Chick Wit: A New York Fashion Week party

APTOPIX Fashion Brandon Maxwell
A model walks for Brandon Maxwell during New York Fashion Week.

The reality of Manhattan life rarely matches the fantasy on TV, which fails to convey the pee smell, but last week I was living the dream when I went to a party at New York Fashion Week.

I was invited by a friend from high school who is now a high-powered PR agent in fashion. She must remember me as cooler than I am.

I felt confident enough to accept because I'd just had my hair cut. As anyone with unruly hair knows, you need to honor the blowout.

I might've felt unworthy, but my hair deserved this.

But what would I wear? I ran my first outfit idea by my friend in a text message. Her reply:

:|

"Dressier?" I asked.

She sent a screen shot of the guest list full of top models and celebrities, along with the word Peak.

I promised I wouldn't embarrass her, but inwardly, I panicked. What did I have in my closet that was "peak?" Put bluntly, what did I have that was both recently dry-cleaned and still fit?

Questions Anna Wintour never needs to ask.

I worried about finding the party address, but there was an honest-to-goodness red carpet. The photographers lowered their cameras to give me the live version of the blank face emoji.

I didn't take it personally. Instead I weaved through them, hunched and apologetic, as if I was walking in front of a movie screen. I was so hasty exiting the carpet, I completely missed the coat check and had to carry my bulky puffer jacket.

No one should have to be fashionable in February.

The event was as glamorous as I'd imagined. A handful of select, emerging designers were featured, and beautiful clothes and accessories were on display - tough leather skirts and architectural jackets, stylish chapeaux, and vintage watches, glittering heels and embroidered-silk slippers.

If I'd been able to sit down in my dress, I would've tried the shoes on.

As I'd anticipated, my friend was too busy hosting to hang, but it was fun to see her in professional mode. She looked gorgeous and confident as she worked the room, seamlessly shifting between warm interactions with party guests and deft directions to staff.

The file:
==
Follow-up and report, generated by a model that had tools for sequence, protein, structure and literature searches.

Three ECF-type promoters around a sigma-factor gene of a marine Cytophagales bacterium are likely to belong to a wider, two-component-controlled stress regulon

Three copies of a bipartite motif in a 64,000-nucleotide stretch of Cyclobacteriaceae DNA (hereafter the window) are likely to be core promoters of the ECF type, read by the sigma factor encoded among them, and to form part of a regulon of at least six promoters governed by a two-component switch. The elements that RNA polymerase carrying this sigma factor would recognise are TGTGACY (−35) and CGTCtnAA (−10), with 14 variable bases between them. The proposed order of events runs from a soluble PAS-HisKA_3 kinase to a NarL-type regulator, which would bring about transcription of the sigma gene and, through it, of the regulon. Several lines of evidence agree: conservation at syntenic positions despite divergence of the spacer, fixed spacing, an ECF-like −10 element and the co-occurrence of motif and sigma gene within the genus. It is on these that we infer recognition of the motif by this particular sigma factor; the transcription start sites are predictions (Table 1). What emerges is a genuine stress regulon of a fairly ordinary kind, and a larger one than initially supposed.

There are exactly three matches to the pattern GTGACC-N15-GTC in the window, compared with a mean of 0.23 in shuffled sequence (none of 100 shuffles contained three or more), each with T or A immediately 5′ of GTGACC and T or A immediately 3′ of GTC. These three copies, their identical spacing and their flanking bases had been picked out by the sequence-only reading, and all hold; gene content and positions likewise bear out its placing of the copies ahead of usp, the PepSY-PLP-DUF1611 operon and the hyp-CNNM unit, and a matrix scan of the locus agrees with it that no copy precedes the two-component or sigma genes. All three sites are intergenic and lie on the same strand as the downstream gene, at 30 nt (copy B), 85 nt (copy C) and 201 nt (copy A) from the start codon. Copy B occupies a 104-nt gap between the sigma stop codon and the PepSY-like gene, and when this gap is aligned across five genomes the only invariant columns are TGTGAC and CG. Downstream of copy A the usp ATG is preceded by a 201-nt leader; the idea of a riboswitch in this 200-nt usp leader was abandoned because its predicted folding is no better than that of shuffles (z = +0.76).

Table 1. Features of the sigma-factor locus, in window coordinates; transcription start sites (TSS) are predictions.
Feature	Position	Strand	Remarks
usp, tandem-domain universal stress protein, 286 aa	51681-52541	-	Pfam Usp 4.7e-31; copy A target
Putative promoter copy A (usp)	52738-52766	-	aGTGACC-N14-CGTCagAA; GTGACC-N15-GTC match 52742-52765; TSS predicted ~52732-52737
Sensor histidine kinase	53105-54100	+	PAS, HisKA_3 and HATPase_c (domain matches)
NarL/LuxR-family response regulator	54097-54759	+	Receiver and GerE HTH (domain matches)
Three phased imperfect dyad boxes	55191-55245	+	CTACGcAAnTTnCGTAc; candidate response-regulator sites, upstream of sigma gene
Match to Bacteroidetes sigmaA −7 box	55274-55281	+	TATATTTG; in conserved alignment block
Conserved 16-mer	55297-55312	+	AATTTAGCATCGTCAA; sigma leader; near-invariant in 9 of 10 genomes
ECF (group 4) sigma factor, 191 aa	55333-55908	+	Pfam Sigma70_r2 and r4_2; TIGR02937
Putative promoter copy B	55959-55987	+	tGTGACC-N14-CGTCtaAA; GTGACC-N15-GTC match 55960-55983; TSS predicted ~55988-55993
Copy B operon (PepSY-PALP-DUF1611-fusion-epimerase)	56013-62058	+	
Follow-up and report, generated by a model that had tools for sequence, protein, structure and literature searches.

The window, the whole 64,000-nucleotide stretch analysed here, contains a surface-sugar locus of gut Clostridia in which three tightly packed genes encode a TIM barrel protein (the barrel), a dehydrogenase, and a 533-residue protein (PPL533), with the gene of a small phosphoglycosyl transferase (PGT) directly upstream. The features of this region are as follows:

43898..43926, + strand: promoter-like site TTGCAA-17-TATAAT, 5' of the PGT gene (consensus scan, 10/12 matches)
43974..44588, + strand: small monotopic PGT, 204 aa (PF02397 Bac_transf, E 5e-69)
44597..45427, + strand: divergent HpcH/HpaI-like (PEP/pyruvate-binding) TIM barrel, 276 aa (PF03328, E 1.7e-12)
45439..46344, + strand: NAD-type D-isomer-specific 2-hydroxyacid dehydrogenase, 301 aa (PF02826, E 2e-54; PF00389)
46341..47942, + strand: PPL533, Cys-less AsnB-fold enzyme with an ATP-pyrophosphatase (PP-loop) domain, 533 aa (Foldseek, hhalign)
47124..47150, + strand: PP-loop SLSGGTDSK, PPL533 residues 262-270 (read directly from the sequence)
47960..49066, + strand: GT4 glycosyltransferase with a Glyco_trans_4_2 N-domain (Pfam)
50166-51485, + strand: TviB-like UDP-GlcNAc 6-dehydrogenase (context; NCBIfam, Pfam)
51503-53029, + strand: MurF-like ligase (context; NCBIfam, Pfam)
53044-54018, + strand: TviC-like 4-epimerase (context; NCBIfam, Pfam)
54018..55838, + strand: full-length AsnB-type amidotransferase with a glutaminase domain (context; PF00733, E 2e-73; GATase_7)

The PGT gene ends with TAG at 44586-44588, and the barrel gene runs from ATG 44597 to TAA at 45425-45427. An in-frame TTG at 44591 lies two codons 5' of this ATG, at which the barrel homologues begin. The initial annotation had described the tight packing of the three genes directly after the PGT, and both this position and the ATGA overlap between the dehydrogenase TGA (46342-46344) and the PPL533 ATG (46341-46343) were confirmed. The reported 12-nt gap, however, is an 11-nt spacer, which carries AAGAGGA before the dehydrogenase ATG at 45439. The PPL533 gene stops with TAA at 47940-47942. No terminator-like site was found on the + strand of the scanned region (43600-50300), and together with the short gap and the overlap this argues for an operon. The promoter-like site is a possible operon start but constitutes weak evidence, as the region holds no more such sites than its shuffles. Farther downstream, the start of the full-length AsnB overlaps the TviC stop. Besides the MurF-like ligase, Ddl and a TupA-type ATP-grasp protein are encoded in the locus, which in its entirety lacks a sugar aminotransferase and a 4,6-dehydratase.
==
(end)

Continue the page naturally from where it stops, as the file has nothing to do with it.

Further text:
The only downside - I was on my own.

I'd been anxious that everyone would have the runway bodies and I'd feel like some writer-ogre, but the crowd was beautifully diverse. In some ways, it looked like any other industry party, except there were more women; better, mostly black clothing; and a shared love of a bold lip.

They could maintain carefully lined, burgundy lips because few were eating. Servers circulated with trays of hors d'oeuvres that the attractive guests politely refused.

This was when I leaned in to my writer identity and sampled every treat that came by - for research!

In my industry, a sample size is 81/2 by 11.

Without shame, I flagged down my favorite server for Round 2 of the mini ice-cream pops. My mouth was full or I would've explained, "I work at home."

Honestly, you couldn't get fat on this food if you tried. The portions were comically small. One appetizer was styled to look like a potted plant, with a tiny heirloom carrot served in a thimble-size clay pot of hummus.

A baby carrot would be too large a serving. These carrots were prenatal.

The open bar, however, was serving Big Gulps. My pinot grigio came filled so high, I had to slurp the brim.

Tiny bite, generous pour - fashion's food pyramid.

Maybe it was the booze, but I started to relax and enjoy myself. Networking events can be great when it's not your job field. I got to admire the designers' work and meet people without pressure to "connect." My sole objective was not to spill on the clothes.

In the end, I only spilled some on my own.

As the party wound down, some people I'd met asked me to join them for the after-party drinks downtown. I looked for my pal, but she'd been hustling nonstop, so I figured I wouldn't interrupt her flow and gave her a little wave from across the room.

Outside, we were just about to get in a cab when my friend came jogging out. "You're leaving?"

"I wanted to say goodbye, but they said you'd join us later, and - "

She stopped me with a giant hug. "Thank you for coming."

I was touched.

I guess you can still use an old friend, even at the peak.

Francesca@francescaserritella. com.

Look for Lisa and Francesca's humor collection "I've Got Sand in All the Wrong Places." Also, look for Lisa's novel "Damaged" in stores now and her novel "One Perfect Lie" coming in April.